NASA says there is new evidence that ancient Mars could have supported microbial life.
The space agency’s Curiosity rover has drilled into a rock near an ancient stream bed on the Red Planet, and the rover has analyzed the powdered sample of the rock’s interior in its onboard lab.
Scientists say the sample from an area known as Yellowknife Bay contained some key chemical ingredients needed for life, including oxygen, hydrogen and carbon.
The lead scientist of the Mars Exploration Program, Michael Meyer, revealed the findings Tuesday at NASA headquarters in Washington.
“This was an ancient environment with the right elements, minerals indicating a near-neutral environment and slightly salty liquid water, all the pre-requisites to support life — a habitable environment,” said Meyer.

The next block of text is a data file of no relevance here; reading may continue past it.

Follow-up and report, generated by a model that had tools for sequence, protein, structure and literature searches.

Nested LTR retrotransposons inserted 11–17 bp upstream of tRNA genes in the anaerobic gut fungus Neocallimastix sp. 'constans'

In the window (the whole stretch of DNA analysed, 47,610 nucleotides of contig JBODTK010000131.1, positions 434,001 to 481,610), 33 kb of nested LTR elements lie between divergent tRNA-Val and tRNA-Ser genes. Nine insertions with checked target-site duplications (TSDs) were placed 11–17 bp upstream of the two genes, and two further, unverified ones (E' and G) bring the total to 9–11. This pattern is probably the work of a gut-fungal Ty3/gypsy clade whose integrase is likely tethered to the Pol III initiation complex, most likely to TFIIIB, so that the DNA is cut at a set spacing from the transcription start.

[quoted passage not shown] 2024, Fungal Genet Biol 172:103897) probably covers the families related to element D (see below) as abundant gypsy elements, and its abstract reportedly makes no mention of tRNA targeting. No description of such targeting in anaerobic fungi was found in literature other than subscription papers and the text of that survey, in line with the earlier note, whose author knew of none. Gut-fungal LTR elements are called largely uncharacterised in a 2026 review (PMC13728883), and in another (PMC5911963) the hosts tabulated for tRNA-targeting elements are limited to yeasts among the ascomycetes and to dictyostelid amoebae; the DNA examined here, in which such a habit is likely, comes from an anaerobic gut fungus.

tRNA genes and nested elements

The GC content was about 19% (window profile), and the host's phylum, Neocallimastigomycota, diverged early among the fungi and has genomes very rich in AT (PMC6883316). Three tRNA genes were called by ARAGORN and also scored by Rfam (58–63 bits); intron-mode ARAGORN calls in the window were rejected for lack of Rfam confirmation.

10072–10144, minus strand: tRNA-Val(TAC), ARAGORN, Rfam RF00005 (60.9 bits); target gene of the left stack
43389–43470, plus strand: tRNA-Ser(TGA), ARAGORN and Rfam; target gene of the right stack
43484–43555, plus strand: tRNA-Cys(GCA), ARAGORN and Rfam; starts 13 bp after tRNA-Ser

Researchers say the Martian bedrock shows evidence of multiple periods of wet conditions. Clay minerals, which indicate water, are present in the grayish sample of Martian rock.
Curiosity project scientist John Grotzinger said “I think we have found a habitable environment that is so benign and supportive of life that probably if this water was around and you had been on the planet, you would have been able to drink it,” said Grotzinger.
Curiosity is exploring within a deep, 150-kilometer-wide depression called Gale Crater, and it will head toward a Martian peak called Mount Sharp. The car-sized rover landed on Mars in August on a two-year, $2.5 billion mission to explore the Red Planet but is not equipped to look for any microbes that may live on Mars today or fossils of those that are extinct.